These two-year fellowships are designed to enable participation in the LPC community by important voices who are not at member institutions, to broaden access to library publishing to underrepresented groups, and to mentor new library publishers.
2019-2021 LPC Fellows
Talea is the Scholarly Communication Librarian at Washington State University, where she manages the university’s institutional repository and supports open education initiatives. She has research interests in open pedagogy and web accessibility, especially as these pertain to library publishing and library-based open initiatives. Talea received a Library Publishing Forum First-Time Attendee Scholarship in 2018.
Arthur “AJ” Boston is an assistant professor and scholarly communication librarian at Murray State University Libraries (W. Kentucky, USA). Boston administers Murray State’s institutional repository and directs the MSU Office of Research and Creative Activity. Boston earned his MSLS at the University of Kentucky. Research interests include hip-hop and scholarly communications; research assessment reform; Creative Commons for studio art students; machine learning applications in publishing; citizen science, podcasting, and other tools with potential for engaging the public with the academy. [Twitter: @AJ_Boston / ORCID: 0000-0001-8590-4663]
About the Program
Activities and Expectations
Service: Each fellow will undertake a service commitment within the LPC – generally serving on a committee, task force, or Board subgroup. This community involvement will allow LPC to benefit from the fellows’ experiences and perspectives, while allowing the fellows to develop relationships and learn more about the community. If a fellow completes a service assignment before the end of the fellowship (such as a 1-year task force), they may undertake a second service commitment. The specific service opportunities will be chosen by the Board in consultation with the fellows, and will be selected from the available opportunities based on the fellows’ interests and skills.
Writing and presenting: Each fellow will write 2-3 posts per year for the LPC Blog reflecting on their fellowship experience and sharing their perspective on library publishing with the community. (Previous posts can be found in the Fellows Journal category on the blog.) The fellows will also present at the Library Publishing Forum.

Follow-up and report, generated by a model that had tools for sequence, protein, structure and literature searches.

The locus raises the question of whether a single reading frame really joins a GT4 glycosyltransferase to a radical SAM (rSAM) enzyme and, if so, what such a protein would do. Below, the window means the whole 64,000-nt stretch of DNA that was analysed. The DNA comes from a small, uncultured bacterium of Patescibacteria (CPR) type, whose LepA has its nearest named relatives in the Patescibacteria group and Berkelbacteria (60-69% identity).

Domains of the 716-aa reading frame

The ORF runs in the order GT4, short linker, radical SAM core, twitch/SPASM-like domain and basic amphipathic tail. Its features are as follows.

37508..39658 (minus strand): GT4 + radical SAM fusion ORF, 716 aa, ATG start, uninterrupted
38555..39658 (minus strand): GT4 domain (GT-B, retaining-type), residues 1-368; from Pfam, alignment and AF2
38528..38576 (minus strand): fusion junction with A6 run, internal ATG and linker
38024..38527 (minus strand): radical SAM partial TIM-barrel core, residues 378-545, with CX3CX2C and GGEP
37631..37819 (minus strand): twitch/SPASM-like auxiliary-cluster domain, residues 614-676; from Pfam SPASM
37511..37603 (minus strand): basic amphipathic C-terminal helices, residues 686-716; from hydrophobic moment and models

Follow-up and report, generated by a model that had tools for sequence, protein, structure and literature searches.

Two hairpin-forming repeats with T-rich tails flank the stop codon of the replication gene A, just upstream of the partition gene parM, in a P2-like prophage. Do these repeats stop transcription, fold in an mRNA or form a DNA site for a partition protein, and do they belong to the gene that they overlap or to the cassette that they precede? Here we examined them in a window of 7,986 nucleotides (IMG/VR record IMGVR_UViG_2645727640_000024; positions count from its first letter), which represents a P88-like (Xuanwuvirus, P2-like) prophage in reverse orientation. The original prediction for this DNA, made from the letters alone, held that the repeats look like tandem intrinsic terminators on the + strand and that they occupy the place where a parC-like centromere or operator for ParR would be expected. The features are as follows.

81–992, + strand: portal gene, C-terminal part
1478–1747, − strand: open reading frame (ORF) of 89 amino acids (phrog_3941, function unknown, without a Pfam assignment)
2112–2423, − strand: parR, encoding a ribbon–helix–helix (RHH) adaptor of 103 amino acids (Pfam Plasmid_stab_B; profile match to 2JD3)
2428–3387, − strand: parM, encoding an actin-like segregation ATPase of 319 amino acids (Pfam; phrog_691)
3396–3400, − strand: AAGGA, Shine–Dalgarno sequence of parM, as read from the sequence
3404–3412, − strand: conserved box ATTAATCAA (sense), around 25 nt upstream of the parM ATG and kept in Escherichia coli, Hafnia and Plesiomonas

Other opportunities: The Fellowship Program is designed to be flexible and to afford the fellows opportunities that align with their skills and interests. While fellows’ service commitments will most often take the form of service on a committee or task force, there may be times (especially during the second year of the fellowship) when a different type of project is appropriate. For example, fellows may engage in research or may work with the Library Publishing Curriculum.
Resources and Benefits
Member resources: The fellows will have access to all LPC member resources, including the email list, the documentation portal, and member-only events like webinars and roundtable discussions.
Travel support: The fellows will also receive travel support to attend the Library Publishing Forum. The travel support will be $1,000 + registration each year of the fellowship. (If necessary, the fellow can draw on both years’ travel support in a single year and present at the Forum virtually the other year.)
Mentorship: To support their activities during the fellowship, the fellows will meet regularly with their mentors and quarterly with a larger group that includes fellows, mentors, representatives of the LPC Board, and the Community Facilitator. To learn more about the organization and the community, fellows will also be invited (though not required) to attend the monthly LPC Board meetings as observers.
2017-19 LPC Fellows
Reggie is the Deputy Director for Research and Learning Services at the University of Cape Town Libraries, South Africa. He has been in academic libraries for more than 30 years. He holds a PhD from the University of KwaZulu-Natal, South Africa. Currently, he serves on the Academic and Research Libraries Standing Committee of IFLA and is the interim chair of the SPARC Africa Working Group. His research area is research librarianship with a specific focus on scholarly communication. He is the co-editor of the first two open access books published by UCT Libraries and has published a number of articles in national and international journals and has written a number chapters in books.
Charlotte is the Scholarly Communications Librarian at the University of San Francisco, a small Jesuit University near Golden Gate Park with a social justice mission. This social justice mission intersects with Charlotte’s work in scholarly communication around systemic bias and diversity representation, informed by her experience in academic publishing. Charlotte completed her undergraduate studies at Johns Hopkins University and received her MLIS at the University of Illinois at Urbana-Champaign. She is a Spectrum Scholar, an ARL CEP Fellow, and the recipient of the 2017 LPC Award for Outstanding Scholarship in Library Publishing..